the issue of medical equivalence as to the listings relating to physical impairments, including
Listing 1.02(A).5 The disability transmittal forms completed upon the initial denial of the
claims at issue in the present appeal are signed only by SDM Laffitte, not by a physician.
(See R. 86, 87).
The court also has considered whether Alabama’s status as a test jurisdiction for the
“single decisionmaker” model of disability determination the initial administrative level
abrogates the Commissioner’s requirement that the ALJ consider medical expert opinion on
the issue of medical equivalence, see 20 C.F.R. §§ 404.906(b)(2); 416.1406(b)(2); 78 Fed.
Reg. 45010-03 (Jul. 25, 2013); 64 Fed. Reg. 47218-01 (Aug. 30, 1999), and concludes that
it does not. See Guyaux v. Commissioner of Soc. Sec., 2014 WL 4197353, *18 (E.D. Mich.
Aug. 22, 2014)(“Nothing about the SDM model changes the ALJ’s obligations in the
equivalency analysis.”); Lindsey v. Commissioner of Soc. Sec., 2013 WL 6095545
(E.D.Mich. Nov. 20, 2013); Stratton v. Astrue, 987 F.Supp.2d 135, 149-52 (D.N.H. 2012);
but see Oakes v. Barnhart, 400 F.Supp.2d 766 (E.D.Pa. 2005)(concluding that the SSA’s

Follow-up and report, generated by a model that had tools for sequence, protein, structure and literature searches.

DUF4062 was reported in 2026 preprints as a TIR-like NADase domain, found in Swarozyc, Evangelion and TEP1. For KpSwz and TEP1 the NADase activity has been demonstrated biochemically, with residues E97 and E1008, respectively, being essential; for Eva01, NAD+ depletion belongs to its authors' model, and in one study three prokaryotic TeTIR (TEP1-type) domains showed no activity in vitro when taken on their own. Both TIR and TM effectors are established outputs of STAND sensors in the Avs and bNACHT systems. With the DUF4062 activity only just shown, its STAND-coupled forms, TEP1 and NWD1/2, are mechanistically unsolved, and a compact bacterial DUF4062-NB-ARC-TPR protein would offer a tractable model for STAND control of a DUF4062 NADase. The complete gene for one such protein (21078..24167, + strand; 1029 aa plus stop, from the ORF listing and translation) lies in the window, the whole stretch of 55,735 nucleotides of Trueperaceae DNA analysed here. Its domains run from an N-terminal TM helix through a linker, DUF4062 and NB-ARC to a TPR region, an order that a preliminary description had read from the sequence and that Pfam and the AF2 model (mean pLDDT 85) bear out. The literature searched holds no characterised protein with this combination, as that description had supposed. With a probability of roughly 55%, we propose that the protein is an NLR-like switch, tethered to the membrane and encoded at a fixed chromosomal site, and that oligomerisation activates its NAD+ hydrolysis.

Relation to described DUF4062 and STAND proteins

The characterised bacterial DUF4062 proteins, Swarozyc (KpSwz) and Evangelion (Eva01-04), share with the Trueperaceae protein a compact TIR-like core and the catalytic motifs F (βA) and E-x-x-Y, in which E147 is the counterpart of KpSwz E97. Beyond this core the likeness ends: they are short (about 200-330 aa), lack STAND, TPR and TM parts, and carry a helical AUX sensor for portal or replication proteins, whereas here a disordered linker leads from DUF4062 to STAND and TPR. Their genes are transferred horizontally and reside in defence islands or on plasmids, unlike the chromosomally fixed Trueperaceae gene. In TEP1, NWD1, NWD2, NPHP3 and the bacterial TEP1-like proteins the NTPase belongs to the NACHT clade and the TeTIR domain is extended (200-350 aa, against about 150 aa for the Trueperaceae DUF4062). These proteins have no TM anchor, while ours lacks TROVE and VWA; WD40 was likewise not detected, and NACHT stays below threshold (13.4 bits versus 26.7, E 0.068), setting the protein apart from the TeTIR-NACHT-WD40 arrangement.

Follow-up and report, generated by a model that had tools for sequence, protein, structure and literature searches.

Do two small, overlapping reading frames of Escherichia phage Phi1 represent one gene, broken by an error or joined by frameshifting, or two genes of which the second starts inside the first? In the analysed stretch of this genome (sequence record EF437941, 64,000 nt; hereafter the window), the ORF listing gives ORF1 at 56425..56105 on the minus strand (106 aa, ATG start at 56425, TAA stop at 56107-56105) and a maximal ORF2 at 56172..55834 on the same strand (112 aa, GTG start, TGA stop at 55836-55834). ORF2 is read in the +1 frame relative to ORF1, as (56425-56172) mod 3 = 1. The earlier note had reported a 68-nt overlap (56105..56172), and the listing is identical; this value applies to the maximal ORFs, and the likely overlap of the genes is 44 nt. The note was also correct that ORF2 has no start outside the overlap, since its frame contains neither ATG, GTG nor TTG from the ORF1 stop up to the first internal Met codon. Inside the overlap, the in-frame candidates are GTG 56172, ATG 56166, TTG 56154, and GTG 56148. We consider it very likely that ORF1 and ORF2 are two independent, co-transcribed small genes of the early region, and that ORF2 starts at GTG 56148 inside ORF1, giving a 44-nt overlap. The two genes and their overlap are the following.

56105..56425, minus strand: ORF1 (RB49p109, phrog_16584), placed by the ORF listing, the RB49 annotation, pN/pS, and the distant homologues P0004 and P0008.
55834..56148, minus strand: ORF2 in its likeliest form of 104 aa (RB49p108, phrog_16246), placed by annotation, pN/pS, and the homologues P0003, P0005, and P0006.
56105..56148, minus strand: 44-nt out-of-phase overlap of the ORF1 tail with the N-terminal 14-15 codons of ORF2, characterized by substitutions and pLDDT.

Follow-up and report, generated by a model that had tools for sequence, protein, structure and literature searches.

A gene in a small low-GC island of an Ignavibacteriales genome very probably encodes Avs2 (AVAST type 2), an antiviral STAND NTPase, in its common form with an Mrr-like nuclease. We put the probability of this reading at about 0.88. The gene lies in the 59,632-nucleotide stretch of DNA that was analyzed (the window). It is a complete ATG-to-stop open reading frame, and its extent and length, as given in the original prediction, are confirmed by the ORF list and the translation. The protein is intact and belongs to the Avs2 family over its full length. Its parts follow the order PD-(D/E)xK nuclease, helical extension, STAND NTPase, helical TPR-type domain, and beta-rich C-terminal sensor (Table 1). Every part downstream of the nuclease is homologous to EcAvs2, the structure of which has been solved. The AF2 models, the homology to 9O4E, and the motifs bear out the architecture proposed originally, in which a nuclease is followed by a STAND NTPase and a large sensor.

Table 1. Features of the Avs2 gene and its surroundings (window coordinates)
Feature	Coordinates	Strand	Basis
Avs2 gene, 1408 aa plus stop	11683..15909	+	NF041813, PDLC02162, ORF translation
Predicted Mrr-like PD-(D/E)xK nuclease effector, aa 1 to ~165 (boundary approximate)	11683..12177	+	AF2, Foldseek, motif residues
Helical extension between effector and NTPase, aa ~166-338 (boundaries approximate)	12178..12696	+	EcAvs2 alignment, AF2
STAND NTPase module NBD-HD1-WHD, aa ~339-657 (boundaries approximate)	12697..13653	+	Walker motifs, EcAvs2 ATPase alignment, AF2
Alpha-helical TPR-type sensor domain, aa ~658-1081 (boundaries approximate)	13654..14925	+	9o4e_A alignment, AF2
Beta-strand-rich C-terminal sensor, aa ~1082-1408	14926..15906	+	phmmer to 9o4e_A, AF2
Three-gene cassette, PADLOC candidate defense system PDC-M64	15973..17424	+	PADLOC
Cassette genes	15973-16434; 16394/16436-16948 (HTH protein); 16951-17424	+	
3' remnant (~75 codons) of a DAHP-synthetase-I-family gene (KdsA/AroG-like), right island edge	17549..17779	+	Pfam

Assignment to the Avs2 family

To hold otherwise would reduce the Commissioner’s requirement for medical opinion
evidence to a mere procedural technicality, instead of a substantive requirement imposed upon a
reasoned decision by the Commissioner that a finding on medical equivalence – i.e., regarding
whether a claimant has findings related to his or her impairment or combination of impairments that
are “at least of equal medical significance” to those required to meet a listing (see 20 C.F.R.
§§ 404.1526(b), 416.926(b)) – is of a nature to require that the ALJ consider the judgment of an
acceptable medical source on the issue.
testing modifications, including implementation of the single decisionmaker model “altered
the longstanding policy that an ALJ is required to seek a medical opinion on the issue of
Thus, the ALJ erred by reaching her finding as to medical equivalence to the listings
pertaining to physical impairments, including Listing 1.02A, without considering the opinion
of a medical consultant designated by the Commissioner regarding whether plaintiff’s
combination of impairments was medically equal to the criteria of any listed physical
impairment. The Commissioner argues that the ALJ reasonably determined that plaintiff’s